See, regulars are still people, dictated by time and sleep schedule and how close they are to the server. An American server will always be more active during American hours, but in a 32 player server, you need more than just regulars to keep the server full/near full for the entire duration of the day. This is, of course, where Pubbies come in. A Pubbie is a public browser. Someone who has either yet to find a server to be a Regular on, or is simply taking the time to peruse the server list for any new places to play for one reason or another. They may spend an hour on the server, they may leave after ten minutes. All that really matters is that they make the playercount higher.
What Valve did with matchmaking is simple, and utterly reprehensible: They killed the Pubbie.
The percieved convenience and promise of free items removed the gentle tide of random users from the circulation of community servers. The blood in the veins between each heartbeat that is a pulse of Regulars. Server counts dropped to Zero, fast, and when a server is at 0 player count, two things occur:
Regulars will opt to pick a different server in their favorites list.
What few Pubbies remain outside of matchmaking will opt to look for a different server.
All at once, hundred of communities collapsed, seemingly overnight. The Pubbie was TF2's greatest asset; with it, no servers needed to organize playtime. The casual comfort of being able to look at a list of your favorites and join a server without any wait or hassle at any point during they day is a luxury that cannot be overstated. There is a sense of comfort, of belonging; you get home from work, or school, and hop on to a server where multiple people recognize you, where you can be sure the server is modified to exactly your liking, since you picked it above all others.
Those comforts are lost, now.
Matchmaking is, at its core, a soulless machine. A perfect haven for the smaller, equally soulless machine that is a bot. Players are mindlessly shuffled from match to match, given no opportunity to express themselves through custom content or sprays or even alltalk. You do not get to find recognizable people. You do not get to find people who like to play the game the way you do. All you can do is click the Queue button and submit to the machine.
You see, in the era of Community Servers, a bot as TF2 knows it today cannot exist. Human moderators play on the servers they run, and removing a bot from a game is as easy as typing "kick playername" into the console. It is trivial. If some unfortunate mistake is made, and a real player is banned, what happens? In Matchmaking, that player no longer has the right to play. In Community Servers, you simply browse the list for another.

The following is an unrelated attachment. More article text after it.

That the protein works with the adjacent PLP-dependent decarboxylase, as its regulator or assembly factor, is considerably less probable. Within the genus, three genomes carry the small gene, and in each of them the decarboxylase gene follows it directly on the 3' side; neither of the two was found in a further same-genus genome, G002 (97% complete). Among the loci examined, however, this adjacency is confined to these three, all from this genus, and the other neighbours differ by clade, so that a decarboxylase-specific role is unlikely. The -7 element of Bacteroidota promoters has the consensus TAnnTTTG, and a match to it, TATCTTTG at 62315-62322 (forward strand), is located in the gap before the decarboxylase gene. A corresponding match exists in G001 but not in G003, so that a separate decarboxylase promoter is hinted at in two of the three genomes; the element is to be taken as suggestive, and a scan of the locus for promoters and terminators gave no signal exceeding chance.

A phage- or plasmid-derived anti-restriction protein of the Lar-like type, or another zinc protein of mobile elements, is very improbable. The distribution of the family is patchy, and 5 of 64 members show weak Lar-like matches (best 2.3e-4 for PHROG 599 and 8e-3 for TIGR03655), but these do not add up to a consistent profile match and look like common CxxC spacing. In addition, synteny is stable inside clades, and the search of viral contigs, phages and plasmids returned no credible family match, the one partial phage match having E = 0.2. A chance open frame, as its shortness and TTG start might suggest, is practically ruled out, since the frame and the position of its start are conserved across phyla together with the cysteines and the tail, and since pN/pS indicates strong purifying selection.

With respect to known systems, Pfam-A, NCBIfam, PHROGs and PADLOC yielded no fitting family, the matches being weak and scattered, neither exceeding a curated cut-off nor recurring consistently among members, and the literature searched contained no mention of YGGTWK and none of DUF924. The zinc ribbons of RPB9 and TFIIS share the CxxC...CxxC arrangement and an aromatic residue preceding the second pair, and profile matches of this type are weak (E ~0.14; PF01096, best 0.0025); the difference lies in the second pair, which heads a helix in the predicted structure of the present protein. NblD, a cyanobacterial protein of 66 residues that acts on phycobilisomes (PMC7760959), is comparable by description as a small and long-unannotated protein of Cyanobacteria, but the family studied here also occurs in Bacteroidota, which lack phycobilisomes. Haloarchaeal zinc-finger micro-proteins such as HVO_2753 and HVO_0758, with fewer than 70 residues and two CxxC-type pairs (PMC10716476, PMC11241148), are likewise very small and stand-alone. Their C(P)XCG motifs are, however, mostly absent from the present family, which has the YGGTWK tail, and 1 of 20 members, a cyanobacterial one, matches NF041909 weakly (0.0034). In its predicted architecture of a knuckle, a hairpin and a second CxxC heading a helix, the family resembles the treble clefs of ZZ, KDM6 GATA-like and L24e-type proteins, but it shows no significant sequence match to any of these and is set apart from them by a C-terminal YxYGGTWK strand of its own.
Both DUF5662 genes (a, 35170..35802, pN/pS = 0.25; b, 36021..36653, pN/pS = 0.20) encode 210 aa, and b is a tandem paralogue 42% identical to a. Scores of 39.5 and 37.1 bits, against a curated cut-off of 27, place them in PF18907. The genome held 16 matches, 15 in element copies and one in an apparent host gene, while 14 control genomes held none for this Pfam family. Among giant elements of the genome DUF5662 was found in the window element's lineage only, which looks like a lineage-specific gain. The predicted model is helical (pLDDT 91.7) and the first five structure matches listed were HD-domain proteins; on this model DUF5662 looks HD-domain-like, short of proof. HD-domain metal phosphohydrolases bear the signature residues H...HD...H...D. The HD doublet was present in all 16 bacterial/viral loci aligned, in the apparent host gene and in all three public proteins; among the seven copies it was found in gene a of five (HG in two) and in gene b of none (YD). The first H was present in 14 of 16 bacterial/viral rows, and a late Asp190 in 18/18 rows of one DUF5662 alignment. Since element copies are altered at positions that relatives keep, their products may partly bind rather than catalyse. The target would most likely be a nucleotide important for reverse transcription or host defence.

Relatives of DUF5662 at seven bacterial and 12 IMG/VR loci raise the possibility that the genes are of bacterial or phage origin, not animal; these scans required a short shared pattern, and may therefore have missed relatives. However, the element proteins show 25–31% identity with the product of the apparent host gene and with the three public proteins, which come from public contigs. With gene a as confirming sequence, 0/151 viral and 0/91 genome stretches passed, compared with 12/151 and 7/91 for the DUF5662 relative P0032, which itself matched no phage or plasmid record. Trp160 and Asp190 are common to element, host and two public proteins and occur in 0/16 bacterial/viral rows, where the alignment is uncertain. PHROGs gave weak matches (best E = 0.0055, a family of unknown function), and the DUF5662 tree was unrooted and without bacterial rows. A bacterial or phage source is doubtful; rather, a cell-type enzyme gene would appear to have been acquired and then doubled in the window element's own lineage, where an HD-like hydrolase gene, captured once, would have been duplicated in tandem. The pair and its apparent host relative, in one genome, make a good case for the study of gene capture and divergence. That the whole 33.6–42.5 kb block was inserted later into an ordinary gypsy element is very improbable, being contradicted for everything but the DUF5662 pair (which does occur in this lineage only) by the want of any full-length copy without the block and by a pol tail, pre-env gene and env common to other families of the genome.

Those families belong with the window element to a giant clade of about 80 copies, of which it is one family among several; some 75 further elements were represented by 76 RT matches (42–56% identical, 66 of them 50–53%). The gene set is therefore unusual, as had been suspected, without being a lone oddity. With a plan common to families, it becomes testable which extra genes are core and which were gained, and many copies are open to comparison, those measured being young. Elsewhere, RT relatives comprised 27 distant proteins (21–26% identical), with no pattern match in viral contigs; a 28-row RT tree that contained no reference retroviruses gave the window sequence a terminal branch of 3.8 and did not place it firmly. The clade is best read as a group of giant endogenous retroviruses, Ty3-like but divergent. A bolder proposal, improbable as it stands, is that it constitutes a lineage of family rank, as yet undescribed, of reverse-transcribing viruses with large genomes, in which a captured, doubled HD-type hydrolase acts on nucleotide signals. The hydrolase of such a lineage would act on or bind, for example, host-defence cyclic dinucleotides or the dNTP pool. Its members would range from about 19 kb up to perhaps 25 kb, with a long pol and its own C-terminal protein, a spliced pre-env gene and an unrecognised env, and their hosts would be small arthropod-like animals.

I firmly believe that matchmaking is the heart of so many problems we see in online multiplayer spaces today. You do not get the luxury of choosing who you play with any more, and so playing with those you don't get along with is a forced act. All the tools we 'need'; rootkit-tier Anticheat like in Valorant, automatic language filters and hard-set Class Limits like in Overwatch, these are all solutions to problems that do not exist outside of Matchmaking.
I think, that when given the opportunity, people who think they "prefer" Matchmaking will always wind up preferring Community Servers, if they are put into an enviroment where Community Servers can thrive. There is a growing stigma towards Community Servers in the TF2; one I believe only exists due to the loud voices of youtubers and internet celebrities, most of whom, frankly, arrived to the scene after Valve had already done the damage. It's upsetting. Heartbreaking, even. People lately like to parrot this idea that "Community Servers are all gimmicks"; they're all 24/7 allcrits, "silly gamemode" only, admin abuse filled hellholes. If you believe nothing else I say in this article, believe this: in 2014, I had 20 different servers in my favorites list. In none of them did I ever see admin abuse. Two of them were "silly gamemode" servers. None were part of a big server network, at least not that I can recall, unless you count FuG's Hovel of Tomfoolery having a surf server.
There is no end to this article, like most of the others I've written for this site. I maintain my belief that the best thing Valve could possibly do for the game is to flick the switch and remove matchmaking altogether. That maybe I can return to the beloved times I've included throughout this article, videos embedded of a better era for multiplayer gaming as a whole.
I'm aware that probably won't happen, but can't I hold just a little hope in my heart, just this once?